Wind power is currently the cheapest source of large-scale renewable energy. It involves generating electricity from the naturally occurring power of the wind.

Wind turbines capture wind energy within the area swept by their blades. They produce a power output proportional to the air density and the wind speed cubed. The spinning blades drive an electrical generator that produces electricity for export to the grid.

Wind energy in Australia: 2016 in focus

Starfish Hill Wind Farm, South Australia

Starfish Hill Wind Farm, South Australia

In 2016, Australia's wind farms produced 30.8 per cent of the country's clean energy and supplied 5.3 per cent of Australia's overall electricity during the year.

Five wind farms became operational in 2016, adding 44 turbines and just under 140 MW of generating capacity. These additional projects took the Australian wind industry to a total of 79 wind farms with a combined capacity of 4327 MW, made up of 2106 turbines. These figures place Australia 17th in the world for wind power.

Many states and territories have recognised the regional investment opportunities that wind energy offers, introducing a variety of measures to capture a slice of the pie.

The ACT Government conducted its final reverse wind auction in 2016, which will help it deliver Australia's most ambitious renewable energy target of 100 per cent by 2020. 

The successful projects were Neoen's 109 MW Stage 3 Hornsdale Wind Farm based in South Australia, and Union Fenosa Wind Australia's 91 MW Crookwell 2 wind farm in New South Wales.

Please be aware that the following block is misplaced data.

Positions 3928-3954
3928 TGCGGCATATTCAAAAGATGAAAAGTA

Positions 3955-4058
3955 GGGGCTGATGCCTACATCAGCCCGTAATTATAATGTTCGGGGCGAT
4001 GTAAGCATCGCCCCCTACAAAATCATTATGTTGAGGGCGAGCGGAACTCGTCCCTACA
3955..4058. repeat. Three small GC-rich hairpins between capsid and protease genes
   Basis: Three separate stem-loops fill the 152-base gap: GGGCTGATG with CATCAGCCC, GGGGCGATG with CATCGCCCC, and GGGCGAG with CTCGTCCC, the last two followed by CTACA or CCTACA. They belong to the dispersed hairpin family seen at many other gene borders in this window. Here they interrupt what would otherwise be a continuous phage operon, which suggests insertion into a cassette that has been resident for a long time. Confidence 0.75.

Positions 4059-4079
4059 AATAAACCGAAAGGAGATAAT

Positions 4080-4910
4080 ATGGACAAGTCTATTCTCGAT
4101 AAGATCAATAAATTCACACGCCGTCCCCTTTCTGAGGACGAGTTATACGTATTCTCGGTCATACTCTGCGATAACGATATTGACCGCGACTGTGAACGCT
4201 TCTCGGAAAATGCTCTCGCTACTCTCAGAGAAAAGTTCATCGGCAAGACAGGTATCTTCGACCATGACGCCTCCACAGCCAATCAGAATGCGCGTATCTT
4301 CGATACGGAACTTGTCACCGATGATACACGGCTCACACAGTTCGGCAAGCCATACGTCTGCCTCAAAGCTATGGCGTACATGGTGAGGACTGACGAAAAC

Wind farms under construction at end 2016

Owner Location Expected commission year Capacity (MW)
RES Australia Ararat, VIC 2017 240
RATCH Mt Emerald, QLD 2018 180
Goldwind White Rock Stage 1, NSW 2017 175
Neone and Megawatt Capital Hornsdale Stage 3, SA 2017 109
Neone and Megawatt Capital Hornsdale Stage 2, SA 2017 100
Windlab Kiata, VIC 2017 30
Pacific Hydro Yaloak South, VIC 2017 29
EDL Coober Pedy, SA 2017 4


Wind farms and the Australian economy

A 2012 study by SKM on the economic benefits of wind farms in Australia found that, for every 50 MW in capacity, a wind farm delivered the following benefits:

  • Direct employment of up to 48 construction workers, with each worker spending approximately $25,000 in the local area in shops, restaurants, hotels and other services – a total of up to $1.2 million
  • Direct employment of around five staff – a total annual input of $125,000 spent in the local economy
  • Indirect employment during the construction phase of approximately 160 people locally, 504 state jobs and 795 nationwide jobs
  • Up to $250,000 per year for farmers in land rental income and $80,000 on community projects each year.

Wind farms and communities

The majority of Australians are big fans of wind power. Even so, it is vitally important for wind farm companies to engage in good faith with people living in the vicinity of wind power projects.

To help promote a high standard of community consultation across the industry, the Clean Energy Council has developed best practice community engagement guidelines and a community expectations guide for wind farms.

The future of wind energy in Australia

Wind power is the lowest cost renewable energy technology that can be rolled out on a large scale. The national Renewable Energy Target provides an incentive to build the lowest cost renewable energy projects, meaning that wind power is likely to be a key contributing technology supporting the target this decade. Australia's wind energy sector will deliver thousands of jobs and billions of dollars in investment.

Technological advances in the sector mean that wind turbines are now larger, more efficient and make use of intelligent technology. Rotor diameters and hub heights have increased to capture more energy per turbine. The maturing technology means that fewer turbines will be needed to produce the same energy, and wind farms will have increasingly sophisticated adaptive capability.


  • Clean Energy Australia Report 2016
  • Clean Energy Council Renewable Energy Database